Dec. 5, 2008 – Panasonic’s offer to buy out three of Sanyo’s major shareholders hit a snag after two of them balked at what they thought was a lowball offer. Now Panasonic has sweetened the deal, but it may not go forward without everyone’s blessing.
Panasonic’s initial offer of ~¥120/share was turned down by Daiwa SMBC and Goldman Sachs. Daiwa and Sumitomo Mitsui Banking Company appear to have responded positively to a sweetened offer of ~¥130/share, about a 30% premium, notes the Nikkei daily. But Goldman is standing firm, arguing the terms and negotiating process are unfair to shareholders, and seeks a price nearly double that (¥250). (Sanyo shares have since spiked up to ¥169, and settled around ¥150.)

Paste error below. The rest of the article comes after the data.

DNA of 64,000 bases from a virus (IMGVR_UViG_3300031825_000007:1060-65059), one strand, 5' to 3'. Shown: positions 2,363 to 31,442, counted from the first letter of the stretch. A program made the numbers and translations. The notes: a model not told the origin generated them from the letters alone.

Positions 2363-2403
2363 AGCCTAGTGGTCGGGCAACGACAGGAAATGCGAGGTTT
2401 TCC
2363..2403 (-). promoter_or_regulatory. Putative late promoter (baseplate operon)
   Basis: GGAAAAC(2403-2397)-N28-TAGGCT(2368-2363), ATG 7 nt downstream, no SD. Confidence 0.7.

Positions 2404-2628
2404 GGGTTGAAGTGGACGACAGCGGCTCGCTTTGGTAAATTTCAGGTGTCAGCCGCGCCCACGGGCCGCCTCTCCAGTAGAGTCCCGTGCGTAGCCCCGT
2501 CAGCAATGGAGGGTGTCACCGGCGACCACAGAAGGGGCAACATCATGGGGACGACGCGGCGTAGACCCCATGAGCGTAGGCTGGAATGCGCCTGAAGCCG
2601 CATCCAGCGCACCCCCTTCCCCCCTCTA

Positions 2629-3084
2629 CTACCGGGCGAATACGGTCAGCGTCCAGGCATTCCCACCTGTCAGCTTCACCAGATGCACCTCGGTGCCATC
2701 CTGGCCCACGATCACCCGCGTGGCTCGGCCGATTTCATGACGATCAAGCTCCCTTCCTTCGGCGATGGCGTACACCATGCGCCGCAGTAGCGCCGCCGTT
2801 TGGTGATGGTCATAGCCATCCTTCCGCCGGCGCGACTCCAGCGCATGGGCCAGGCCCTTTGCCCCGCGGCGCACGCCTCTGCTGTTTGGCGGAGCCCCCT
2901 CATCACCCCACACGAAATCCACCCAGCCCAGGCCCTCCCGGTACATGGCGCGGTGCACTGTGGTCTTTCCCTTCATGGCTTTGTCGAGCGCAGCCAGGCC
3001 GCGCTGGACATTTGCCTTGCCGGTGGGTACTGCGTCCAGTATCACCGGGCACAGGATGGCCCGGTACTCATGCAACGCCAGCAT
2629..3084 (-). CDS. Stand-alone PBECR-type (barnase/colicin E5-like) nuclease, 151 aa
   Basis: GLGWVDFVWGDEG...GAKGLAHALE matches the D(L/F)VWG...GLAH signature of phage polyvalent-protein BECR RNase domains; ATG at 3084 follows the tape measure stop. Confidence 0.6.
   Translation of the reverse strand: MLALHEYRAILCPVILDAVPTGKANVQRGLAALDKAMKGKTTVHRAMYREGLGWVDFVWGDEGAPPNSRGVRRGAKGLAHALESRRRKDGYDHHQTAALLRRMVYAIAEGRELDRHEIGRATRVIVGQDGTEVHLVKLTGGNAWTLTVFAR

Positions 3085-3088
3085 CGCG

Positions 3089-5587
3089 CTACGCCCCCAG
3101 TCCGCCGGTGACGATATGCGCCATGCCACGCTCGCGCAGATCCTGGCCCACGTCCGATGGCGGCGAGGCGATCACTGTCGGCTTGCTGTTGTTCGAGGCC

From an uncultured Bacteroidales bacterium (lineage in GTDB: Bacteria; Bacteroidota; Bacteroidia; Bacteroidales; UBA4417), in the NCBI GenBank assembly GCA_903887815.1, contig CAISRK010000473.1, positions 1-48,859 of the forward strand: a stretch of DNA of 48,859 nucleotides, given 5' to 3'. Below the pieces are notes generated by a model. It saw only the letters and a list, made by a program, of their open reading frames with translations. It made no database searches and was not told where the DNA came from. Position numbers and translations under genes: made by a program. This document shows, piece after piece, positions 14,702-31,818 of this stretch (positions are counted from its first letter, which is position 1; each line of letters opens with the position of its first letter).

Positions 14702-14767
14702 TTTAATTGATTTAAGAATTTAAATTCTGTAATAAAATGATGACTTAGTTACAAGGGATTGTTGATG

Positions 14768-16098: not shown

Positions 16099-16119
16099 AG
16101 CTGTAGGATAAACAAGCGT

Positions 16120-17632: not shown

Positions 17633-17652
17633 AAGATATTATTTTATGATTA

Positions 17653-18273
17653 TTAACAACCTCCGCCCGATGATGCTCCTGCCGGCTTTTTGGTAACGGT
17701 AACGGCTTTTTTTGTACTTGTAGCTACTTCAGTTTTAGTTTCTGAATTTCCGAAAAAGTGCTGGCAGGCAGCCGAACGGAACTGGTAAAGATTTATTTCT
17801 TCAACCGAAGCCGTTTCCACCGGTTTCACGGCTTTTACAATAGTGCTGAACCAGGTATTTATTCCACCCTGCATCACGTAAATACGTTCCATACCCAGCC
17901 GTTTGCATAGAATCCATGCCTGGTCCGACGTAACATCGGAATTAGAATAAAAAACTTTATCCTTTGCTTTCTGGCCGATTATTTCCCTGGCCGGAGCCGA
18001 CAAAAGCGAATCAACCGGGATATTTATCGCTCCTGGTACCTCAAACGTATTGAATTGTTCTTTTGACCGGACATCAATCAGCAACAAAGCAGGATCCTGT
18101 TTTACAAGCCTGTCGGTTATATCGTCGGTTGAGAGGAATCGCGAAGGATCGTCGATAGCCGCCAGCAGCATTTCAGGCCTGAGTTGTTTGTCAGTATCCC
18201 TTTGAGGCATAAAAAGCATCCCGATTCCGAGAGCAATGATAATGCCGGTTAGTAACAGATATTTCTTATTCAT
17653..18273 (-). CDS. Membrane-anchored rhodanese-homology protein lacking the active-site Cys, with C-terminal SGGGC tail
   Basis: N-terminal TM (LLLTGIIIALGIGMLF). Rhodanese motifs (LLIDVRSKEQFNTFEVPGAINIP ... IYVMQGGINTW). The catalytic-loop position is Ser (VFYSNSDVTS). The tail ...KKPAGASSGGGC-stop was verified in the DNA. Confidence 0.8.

With support from both Daiwa and Sumitomo Mitsui, which together hold nearly 41% of Sanyo (vs. Goldman’s 29%), Panasonic could still obtain a controlling 51% ownership from institutional investors and others — at ¥130/share, that would cost about ¥408B/US $4.38B — and then proceed with a tender offer to acquire a majority stake in Sanyo and fold it in as a subsidiary in the current fiscal year (ending in March). Each of the three shareholders, though, maintains a right to buy holdings of the others to block a potential sale, and it’s possible Goldman may try to trigger this option, notes the paper. And with Sanyo’s stock price trading well above the ¥130/share proposal, smaller institutional investors are unlikely to be swayed.